U.S. stocks are edging lower Thursday morning. Tech stocks are falling after dour projections from Seagate Technology, and bank stocks are slipping. Strong first-quarter results from Delta are giving airlines a boost.
KEEPING SCORE: The Dow Jones industrial average lost 12 points, or 0.1 percent, to 17,895 as of 10:05 a.m. Eastern time. The Standard & Poor's 500 index fell 3 points, or 0.2 percent, to 2,079. The Nasdaq composite edged down 12 points, or 0.2 percent, 4,935.
TECH TROUBLES: Electronic storage maker Seagate Technology said its third-quarter profit margins and revenue will be lower than expected. The company said it's seeing lower demand for some kinds of hard disk drives. Its stock slumped $5.84, or 17.2 percent, to $28.09. Western Digital fell 3.80, or 8.5 percent, to $41 and NetApp lost $1.24, or 4.6 percent, to $25.46.
FLYING HIGH: Delta Air Lines' first-quarter profit jumped 27 percent, helped by low fuel costs. Delta's stock gained $1.21, or 2.5 percent, to $49.25. American Airlines rose $1.51, or 3.8 percent, to $41.45 and United added $1.22, or 2.2 percent, to $56.80.
BANKS: Banks continued to report their quarterly earnings. The results were mixed, and financial stocks traded lower overall. Bank of America's profit fell on weak results from trading, but the outcome wasn't any worse than investors expected. The stock picked up 11 cents to $13.90.
Wells Fargo's profit fell as it set aside more money to cover its struggling portfolio of oil and gas loans. Still, it earned more money than analysts expected. The stock fell 45 cents to $48.58. PNC Financial Services Group fell $1.42, or 1.7 percent, to $83.75 after its profit and revenue missed estimates.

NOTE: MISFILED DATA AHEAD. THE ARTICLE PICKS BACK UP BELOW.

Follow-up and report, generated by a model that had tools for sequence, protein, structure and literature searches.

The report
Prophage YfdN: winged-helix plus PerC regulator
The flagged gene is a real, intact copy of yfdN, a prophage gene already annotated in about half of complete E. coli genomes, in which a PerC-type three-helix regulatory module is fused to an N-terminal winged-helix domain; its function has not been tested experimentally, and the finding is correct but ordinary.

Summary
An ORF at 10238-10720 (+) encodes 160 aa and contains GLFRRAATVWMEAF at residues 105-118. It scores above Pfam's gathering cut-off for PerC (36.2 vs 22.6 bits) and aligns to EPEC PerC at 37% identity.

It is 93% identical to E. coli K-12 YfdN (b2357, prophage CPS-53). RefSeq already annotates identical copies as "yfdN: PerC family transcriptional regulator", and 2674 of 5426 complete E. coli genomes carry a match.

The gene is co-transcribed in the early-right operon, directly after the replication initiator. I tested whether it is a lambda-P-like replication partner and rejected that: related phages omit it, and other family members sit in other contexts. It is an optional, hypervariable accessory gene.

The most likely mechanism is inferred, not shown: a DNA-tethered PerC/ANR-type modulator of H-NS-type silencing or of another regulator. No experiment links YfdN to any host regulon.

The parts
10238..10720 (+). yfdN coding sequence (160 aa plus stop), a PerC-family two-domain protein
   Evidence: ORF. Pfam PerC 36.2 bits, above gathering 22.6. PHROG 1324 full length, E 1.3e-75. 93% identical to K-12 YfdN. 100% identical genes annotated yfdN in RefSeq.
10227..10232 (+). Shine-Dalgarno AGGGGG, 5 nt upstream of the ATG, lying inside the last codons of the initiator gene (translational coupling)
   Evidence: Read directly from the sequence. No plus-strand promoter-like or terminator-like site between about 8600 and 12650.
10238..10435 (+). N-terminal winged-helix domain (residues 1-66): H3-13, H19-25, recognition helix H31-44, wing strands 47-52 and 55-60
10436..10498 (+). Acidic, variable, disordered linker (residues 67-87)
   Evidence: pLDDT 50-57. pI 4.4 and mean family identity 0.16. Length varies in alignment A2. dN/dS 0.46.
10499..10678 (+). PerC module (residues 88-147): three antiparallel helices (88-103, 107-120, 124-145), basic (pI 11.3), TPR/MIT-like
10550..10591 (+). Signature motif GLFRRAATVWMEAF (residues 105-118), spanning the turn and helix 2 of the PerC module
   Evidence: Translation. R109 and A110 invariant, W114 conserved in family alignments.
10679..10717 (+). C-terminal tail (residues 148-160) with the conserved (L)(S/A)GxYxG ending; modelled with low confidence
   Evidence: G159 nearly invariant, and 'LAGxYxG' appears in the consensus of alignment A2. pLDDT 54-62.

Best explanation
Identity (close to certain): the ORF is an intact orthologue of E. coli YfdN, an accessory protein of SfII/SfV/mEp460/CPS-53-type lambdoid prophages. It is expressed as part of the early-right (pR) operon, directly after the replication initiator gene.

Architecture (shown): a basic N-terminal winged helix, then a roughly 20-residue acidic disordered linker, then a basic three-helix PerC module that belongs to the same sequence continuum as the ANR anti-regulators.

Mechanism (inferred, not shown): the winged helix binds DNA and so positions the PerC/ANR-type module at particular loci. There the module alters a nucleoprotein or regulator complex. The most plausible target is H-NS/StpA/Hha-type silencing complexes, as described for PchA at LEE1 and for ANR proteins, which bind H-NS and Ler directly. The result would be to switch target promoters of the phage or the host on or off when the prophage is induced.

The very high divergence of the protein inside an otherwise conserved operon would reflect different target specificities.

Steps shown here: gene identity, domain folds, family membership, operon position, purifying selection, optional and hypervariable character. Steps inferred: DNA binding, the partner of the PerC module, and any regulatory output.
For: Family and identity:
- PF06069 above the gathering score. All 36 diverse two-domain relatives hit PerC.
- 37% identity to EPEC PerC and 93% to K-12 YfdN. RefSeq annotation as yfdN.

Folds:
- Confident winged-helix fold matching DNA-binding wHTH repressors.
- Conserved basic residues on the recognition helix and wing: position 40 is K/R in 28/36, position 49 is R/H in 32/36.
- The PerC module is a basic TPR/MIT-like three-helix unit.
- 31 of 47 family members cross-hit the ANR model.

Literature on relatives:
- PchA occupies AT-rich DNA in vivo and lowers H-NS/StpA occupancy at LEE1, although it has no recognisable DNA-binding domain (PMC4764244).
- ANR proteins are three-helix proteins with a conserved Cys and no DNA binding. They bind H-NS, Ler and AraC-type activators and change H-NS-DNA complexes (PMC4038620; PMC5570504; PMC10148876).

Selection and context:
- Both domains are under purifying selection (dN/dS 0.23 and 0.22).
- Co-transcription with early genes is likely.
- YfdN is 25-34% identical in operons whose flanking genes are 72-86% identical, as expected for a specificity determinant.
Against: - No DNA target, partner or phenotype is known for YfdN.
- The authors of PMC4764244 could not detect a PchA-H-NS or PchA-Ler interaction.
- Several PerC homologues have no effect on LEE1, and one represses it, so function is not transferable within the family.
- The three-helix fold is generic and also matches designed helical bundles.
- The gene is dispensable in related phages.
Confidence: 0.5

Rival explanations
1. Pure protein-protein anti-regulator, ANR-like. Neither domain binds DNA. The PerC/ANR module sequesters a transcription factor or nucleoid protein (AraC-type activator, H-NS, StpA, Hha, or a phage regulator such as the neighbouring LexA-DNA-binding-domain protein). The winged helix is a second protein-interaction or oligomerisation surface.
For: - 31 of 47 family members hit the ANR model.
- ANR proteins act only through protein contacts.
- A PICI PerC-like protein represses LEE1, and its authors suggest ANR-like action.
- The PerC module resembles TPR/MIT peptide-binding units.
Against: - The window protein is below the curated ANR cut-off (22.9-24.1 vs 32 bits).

Bank stocks jumped Wednesday after JPMorgan Chase, the largest U.S. bank, reported results that beat expectations.
PIER PRESSURE: Pier 1 Imports is falling after the home decor company gave a shaky outlook for the first half of its fiscal year. Pier 1 said it expects "pressure" on its profit and sales because of marketing expenses, including a return to TV advertising, as well as price markdowns. The stock gave up 66 cents, or 9.1 percent, to $6.68.
UNEMPLOYMENT FALLS: Claims for unemployment benefits dropped sharply last week and reached their lowest level since 1973. They've been at low levels for a year, which indicates the job market is healthy and employers aren't letting go of workers. That suggests many companies see the recent slowdown as temporary.
ENERGY: Benchmark U.S. crude oil rose 18 cents to $41.94 a barrel in New York. Brent crude, the international standard, rose 19 cents to $44.37 a barrel in London.
OVERSEAS: In Europe, Germany's DAX was up 0.5 percent while the CAC-40 in France rose 0.2 percent. The FTSE 100 index in Britain fell 0.1 percent. Japan's benchmark Nikkei 225 closed 3.2 percent higher as the yen weakened slightly against the dollar. Hong Kong's Hang Seng gained 0.8 percent and South Korea's KOSPI climbed 1.7 percent.
BONDS, CURRENCIES: Bond prices were little changed. The yield on the 10-year U.S. Treasury note held steady at 1.77 percent. The euro fell to $1.1270 from $1.1283 and the dollar slipped to 109.06 yen from 109.24 yen.